(thermoplastic polyurethane, TPU) from NinjaTek).
A valid dynamic simulation of such additively manufactured structures is only possible with material descriptions that consider both frequency and thickness dependence. This is the focus of the investigations in this paper, where a procedure for the identification of material parameters is presented. It is the necessary step towards the next level of complexity.
The chosen material for manufacturing the test specimens used for parameter identification are PLA from DAS FILAMENT (Emskirchen, Germany). The used process parameter set is shown in Table 1
. The flow rate was set to 105% in order to increase stiffness due to a minimized internal void fraction. The other parameters have been selected according to the recommendations of the material manufacturer. For the manufacturing, a X400 by German RepRap GmbH (Feldkirchen, Germany) with a dual extruder system and a nozzle diameter of 0.4 mm is used. All specimens were manufactured at the same ambient temperature (23 ± 1 °C) and relative humidity (45–50%) and the feedstock materials are dried before processing in order to ensure similar manufacturing conditions.
The aim of the paper is to provide a procedure to identify material parameters of additively manufactured structures for robust and reliable dynamic simulations. AM provides great design freedom but at the same time makes valid mechanical modeling more challenging. As an illustrative example, the procedure is shown in the context of 3D-printed ABHs by using material extrusion. As ABH structures require a continuously adapted thickness profile, the dependency of homogenized material parameters on the thickness of additively manufactured beam structures is studied.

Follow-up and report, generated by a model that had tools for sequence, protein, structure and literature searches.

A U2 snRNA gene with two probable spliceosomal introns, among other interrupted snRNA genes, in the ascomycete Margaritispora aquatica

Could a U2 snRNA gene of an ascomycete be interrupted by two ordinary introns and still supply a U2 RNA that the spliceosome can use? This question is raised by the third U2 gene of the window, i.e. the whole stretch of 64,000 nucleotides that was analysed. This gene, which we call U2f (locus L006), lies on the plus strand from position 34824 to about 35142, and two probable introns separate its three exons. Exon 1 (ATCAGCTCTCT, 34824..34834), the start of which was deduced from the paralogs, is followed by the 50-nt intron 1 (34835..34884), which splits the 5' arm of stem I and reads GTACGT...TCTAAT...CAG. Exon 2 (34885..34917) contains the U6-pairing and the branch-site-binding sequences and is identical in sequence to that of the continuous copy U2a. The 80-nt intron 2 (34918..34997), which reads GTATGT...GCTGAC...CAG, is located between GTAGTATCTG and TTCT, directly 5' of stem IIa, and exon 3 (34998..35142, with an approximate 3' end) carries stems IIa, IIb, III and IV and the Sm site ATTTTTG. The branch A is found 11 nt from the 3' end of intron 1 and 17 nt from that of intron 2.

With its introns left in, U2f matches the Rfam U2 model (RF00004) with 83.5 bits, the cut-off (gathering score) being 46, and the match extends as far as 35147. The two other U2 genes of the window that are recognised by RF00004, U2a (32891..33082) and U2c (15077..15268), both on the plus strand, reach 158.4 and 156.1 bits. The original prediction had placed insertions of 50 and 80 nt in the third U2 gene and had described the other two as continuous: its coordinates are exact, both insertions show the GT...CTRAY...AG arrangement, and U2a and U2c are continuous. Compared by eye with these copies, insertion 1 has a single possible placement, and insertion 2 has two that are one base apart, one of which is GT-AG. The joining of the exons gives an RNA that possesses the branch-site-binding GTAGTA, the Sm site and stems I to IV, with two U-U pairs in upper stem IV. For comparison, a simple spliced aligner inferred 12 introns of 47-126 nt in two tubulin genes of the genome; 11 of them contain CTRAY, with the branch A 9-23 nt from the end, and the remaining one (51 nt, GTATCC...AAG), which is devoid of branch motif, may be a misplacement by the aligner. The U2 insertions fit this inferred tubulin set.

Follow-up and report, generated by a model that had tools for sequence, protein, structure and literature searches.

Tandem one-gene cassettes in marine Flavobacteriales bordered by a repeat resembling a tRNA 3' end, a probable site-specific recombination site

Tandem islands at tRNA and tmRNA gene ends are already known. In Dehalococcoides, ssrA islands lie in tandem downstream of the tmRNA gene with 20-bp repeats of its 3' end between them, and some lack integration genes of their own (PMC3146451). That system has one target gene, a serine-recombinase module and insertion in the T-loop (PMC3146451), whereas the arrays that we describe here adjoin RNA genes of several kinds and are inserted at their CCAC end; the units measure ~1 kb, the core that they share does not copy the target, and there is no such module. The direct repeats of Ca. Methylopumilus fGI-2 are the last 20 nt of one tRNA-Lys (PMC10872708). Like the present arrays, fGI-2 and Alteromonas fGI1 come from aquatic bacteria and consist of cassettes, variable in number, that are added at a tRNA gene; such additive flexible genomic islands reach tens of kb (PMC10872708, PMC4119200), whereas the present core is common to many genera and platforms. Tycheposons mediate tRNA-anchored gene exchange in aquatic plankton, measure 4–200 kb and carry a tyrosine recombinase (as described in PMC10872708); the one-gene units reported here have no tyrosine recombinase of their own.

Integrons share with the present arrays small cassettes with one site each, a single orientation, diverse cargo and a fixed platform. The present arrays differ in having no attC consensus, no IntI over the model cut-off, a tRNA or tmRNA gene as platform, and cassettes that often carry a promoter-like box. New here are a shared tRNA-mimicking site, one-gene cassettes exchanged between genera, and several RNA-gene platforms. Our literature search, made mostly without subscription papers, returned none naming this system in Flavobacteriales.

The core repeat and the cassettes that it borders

A dependency of Young’s modulus and the loss factor on frequency and thickness can be observed based on the parameter fitting of the 3D model. The homogenized Young’s modulus is decreased with a decreased thickness of the printed structure. Quantitatively, a doubling of the value can be identified due to a change from 1 mm to 3 mm thickness. A change from 3 mm to 6 mm induces a slight change which is no longer systematically. It is assumed that the flexural modulus converges with the thickness as the heat input becomes more homogeneous. The main findings can be summarized as follows:
dependence of homogenized material parameter (Young’s modulus, loss factor) on frequency and thickness
Young’s modulus decreases significantly with decreasing thickness
In order to improve the material parameter identification, further studies should focus on an improved criterion comparing the responses and the deflection shapes and an investigation of the inherent uncertainties by measurements and the manufacturing process. For this purpose, a larger number of samples should be analyzed. This way, mechanical models considering uncertain parameters may be applied for a robust design process of additively manufactured structures.
The method presented here is also universally applicable to other additive manufactured materials. Due to the combination with the model order reduction, even more complex fittings can be handled. In this way, it is possible to use the manifold possibilities of AM to optimize the performance of acoustic measures.